Caroline George, MD, is an M Physicians pediatric critical care physician who treats a wide array of conditions that require cardiac and pulmonary monitoring and interventions. She is also a child abuse pediatrician that evaluates children who may have been maltreated and differentiates child abuse from conditions that mimic abuse.
“I felt that pediatrics would offer the most variety in my career, and I chose critical care because I really like taking care of sick patients and working with families during a stressful situation,” Dr. George said.
Dr. George's daily work requires her to overcome stressful situations and work through different diagnoses for patients experiencing trauma and uncertainty. Oftentimes, pediatric patients can seem perfectly fine to a parent, until all of a sudden they’re not.
“You have to be there and assess the situation quickly to start appropriate therapies,” Dr. George said. With less preparation and a myriad conditions that can be presented, critical care physicians must utilize their expertise to adapt to the situation and communicate next steps to everyone involved.
“In critical care medicine, there is an element of learning how to communicate with children when they're in a very scary situation, but even more than that, it’s about communicating with families,” she said. “You see how important that is from the beginning.”
Dr. George works with children as young as newborns up to 18-year-old young adults. Critical illnesses can require treatments that aren’t offered in other areas of pediatrics, such as managing acute respiratory failure in very young children or septic shock in young adults, which can sometimes complicate a bone marrow transplant course.
Many surgeons rely on their expertise after a surgical procedure is complete. “We work closely with all of our pediatric surgeons, including pediatric, transplant, heart and orthopedic surgeons. If they’ve had a tumor removed or a spinal fusion, then they typically come to the PICU after that. All of our pediatric surgeons and subspecialists are very good at relaying to our team what kind of surgery they completed and what to look out for during immediate post-management,” Dr. George said.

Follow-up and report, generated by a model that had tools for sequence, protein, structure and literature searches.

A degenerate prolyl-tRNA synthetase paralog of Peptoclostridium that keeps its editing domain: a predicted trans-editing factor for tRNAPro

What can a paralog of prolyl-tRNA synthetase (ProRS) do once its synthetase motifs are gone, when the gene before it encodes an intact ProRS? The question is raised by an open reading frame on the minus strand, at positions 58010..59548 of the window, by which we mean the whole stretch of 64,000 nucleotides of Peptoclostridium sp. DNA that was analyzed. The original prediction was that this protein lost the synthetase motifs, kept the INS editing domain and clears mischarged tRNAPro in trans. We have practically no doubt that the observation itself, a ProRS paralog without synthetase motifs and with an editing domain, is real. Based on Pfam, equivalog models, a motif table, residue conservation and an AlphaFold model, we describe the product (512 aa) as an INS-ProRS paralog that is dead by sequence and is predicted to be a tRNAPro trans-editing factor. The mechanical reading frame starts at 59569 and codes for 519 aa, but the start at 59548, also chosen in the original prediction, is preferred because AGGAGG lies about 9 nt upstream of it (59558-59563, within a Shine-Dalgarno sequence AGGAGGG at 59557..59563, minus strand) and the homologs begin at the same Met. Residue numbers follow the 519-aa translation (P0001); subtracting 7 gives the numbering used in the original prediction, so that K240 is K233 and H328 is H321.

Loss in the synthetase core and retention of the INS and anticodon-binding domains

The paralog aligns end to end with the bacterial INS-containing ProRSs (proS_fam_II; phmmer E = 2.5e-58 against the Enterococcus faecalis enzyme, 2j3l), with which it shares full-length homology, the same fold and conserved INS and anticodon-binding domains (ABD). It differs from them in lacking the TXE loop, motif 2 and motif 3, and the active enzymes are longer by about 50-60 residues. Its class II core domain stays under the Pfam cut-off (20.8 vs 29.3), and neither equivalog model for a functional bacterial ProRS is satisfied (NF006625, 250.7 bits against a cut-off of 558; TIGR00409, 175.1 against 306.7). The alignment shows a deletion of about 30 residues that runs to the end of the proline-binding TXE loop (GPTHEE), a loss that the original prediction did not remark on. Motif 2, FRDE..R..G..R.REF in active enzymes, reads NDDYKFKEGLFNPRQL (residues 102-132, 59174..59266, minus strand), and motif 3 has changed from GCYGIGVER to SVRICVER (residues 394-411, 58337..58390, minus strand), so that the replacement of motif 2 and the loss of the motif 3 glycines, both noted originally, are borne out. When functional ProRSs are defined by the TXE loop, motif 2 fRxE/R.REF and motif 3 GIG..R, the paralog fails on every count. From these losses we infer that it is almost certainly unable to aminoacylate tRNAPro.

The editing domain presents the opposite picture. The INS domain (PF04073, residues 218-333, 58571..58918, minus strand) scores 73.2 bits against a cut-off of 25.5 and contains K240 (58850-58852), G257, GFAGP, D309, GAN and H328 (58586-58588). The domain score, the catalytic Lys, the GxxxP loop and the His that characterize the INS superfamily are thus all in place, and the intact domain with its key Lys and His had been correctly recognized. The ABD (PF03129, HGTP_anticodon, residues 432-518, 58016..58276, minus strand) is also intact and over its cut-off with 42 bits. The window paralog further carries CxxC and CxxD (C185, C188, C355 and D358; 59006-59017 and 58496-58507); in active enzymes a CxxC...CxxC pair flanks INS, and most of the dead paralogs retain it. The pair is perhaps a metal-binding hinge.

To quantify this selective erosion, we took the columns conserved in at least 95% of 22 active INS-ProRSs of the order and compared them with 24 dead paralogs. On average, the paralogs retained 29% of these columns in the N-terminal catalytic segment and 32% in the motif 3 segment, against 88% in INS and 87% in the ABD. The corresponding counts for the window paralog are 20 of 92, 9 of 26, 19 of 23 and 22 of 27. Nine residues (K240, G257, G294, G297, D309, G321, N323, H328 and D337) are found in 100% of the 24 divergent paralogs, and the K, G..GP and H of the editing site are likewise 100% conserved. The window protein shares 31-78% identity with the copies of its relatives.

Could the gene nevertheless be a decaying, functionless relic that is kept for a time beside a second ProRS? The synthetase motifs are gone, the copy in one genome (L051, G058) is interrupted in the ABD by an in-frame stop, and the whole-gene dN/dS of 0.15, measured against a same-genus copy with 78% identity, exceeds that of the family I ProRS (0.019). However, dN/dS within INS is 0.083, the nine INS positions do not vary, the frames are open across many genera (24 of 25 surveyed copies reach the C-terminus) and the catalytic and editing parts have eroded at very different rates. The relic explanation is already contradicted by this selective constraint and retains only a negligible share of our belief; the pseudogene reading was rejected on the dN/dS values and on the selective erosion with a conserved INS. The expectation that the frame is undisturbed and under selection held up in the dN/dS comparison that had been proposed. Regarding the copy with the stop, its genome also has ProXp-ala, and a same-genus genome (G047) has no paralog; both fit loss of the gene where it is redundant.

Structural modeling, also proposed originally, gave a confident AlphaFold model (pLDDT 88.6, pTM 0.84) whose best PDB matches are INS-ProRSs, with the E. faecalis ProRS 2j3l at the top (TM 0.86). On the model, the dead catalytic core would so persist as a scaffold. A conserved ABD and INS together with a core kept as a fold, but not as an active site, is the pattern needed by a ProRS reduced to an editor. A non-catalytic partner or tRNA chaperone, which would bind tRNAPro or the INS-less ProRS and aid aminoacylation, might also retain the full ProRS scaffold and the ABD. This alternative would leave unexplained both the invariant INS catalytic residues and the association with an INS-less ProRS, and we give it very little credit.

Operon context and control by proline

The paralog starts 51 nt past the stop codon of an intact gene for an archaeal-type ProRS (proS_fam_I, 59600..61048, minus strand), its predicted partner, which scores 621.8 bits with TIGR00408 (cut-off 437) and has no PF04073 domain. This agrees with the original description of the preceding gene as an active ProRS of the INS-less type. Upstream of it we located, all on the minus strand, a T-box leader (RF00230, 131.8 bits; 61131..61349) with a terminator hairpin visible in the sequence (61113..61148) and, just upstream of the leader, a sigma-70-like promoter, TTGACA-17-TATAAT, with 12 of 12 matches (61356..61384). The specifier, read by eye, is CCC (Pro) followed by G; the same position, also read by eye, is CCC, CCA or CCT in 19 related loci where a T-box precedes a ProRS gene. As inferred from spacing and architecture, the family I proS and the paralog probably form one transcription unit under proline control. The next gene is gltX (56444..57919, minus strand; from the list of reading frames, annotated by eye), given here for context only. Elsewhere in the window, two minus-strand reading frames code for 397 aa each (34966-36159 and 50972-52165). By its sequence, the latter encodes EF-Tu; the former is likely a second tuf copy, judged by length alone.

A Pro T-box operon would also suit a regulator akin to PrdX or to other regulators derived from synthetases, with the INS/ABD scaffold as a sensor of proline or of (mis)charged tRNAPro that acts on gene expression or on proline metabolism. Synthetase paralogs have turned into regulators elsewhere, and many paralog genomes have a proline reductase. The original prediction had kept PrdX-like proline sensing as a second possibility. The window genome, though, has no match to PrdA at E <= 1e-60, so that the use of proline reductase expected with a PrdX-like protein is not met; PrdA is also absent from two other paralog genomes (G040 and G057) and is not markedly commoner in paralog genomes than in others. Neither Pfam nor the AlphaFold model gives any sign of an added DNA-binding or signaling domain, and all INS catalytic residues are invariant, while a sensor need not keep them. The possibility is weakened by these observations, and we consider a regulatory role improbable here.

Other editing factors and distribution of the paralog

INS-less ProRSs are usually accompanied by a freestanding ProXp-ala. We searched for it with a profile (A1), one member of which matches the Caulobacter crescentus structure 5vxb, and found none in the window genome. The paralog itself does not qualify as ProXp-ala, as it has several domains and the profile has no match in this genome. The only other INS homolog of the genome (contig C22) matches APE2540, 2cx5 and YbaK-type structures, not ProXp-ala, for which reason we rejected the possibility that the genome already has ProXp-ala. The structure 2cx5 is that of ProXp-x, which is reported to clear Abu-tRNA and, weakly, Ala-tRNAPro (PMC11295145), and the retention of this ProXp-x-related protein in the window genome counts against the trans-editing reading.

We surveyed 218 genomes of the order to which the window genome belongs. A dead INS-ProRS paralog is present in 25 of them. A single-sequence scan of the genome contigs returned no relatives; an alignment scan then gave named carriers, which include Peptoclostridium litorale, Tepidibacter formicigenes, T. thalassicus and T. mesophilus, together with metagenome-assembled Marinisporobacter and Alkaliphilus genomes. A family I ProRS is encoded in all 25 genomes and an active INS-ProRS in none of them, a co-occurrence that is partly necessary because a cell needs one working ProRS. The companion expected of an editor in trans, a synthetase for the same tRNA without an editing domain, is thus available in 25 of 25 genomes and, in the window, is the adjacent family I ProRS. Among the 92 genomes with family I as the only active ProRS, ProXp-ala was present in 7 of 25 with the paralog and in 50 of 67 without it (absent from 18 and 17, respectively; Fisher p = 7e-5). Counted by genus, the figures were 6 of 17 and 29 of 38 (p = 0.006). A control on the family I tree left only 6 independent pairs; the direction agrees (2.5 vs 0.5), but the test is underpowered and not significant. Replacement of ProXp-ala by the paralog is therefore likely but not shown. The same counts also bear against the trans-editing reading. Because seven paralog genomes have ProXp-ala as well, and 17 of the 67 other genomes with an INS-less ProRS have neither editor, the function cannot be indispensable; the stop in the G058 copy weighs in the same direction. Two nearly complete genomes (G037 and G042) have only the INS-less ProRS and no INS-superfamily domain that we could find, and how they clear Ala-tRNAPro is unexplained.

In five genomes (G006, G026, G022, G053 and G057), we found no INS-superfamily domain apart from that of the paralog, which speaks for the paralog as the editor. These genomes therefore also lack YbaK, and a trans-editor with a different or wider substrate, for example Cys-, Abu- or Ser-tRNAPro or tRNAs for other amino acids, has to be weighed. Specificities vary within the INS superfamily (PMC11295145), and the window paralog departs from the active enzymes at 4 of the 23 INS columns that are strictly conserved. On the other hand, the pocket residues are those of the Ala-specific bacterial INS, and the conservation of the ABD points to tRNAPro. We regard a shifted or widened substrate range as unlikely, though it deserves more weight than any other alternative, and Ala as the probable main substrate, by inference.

Now, she splits her time between critical care medicine and child abuse medicine. A child or their family can be referred to her through child protective services or a nonprofit organization where a child disclosed the abuse. When needed, physicians work closely with law enforcement and child welfare services and are available to consult children if they are present at an emergency department for an abuse evaluation.
Dr. George recognized that there is a steep learning curve for communicating with these types of patients. When asking about personal trauma, Dr. George says it’s important to make sure the child feels empowered to agree or disagree with potential medical plans.
“I try to work with them and make sure they understand that the goal is to ensure their body and mind are healthy, and I can offer them choices about what to do and what to talk about. Being healthy and safe is the goal” she said. Dr. George can also refer patients to mental health professionals and other experts to advance the situation in a positive way.
COVID-19 has impacted her work in a variety of ways, but a decrease in the reporting of child abuse has been an unforeseen and unfortunate consequence of many current living conditions. So, Dr. George and several colleagues in the metro area are conducting a research study through the University of Minnesota Clinical and Translational Science Institute to assess how COVID-19 has impacted the overall picture. She is collaborating with child abuse teams from Hennepin Healthcare, Children’s Minnesota and experts in the University of Minnesota School of Public Health to assess data and hopefully improve situations for children throughout Minnesota.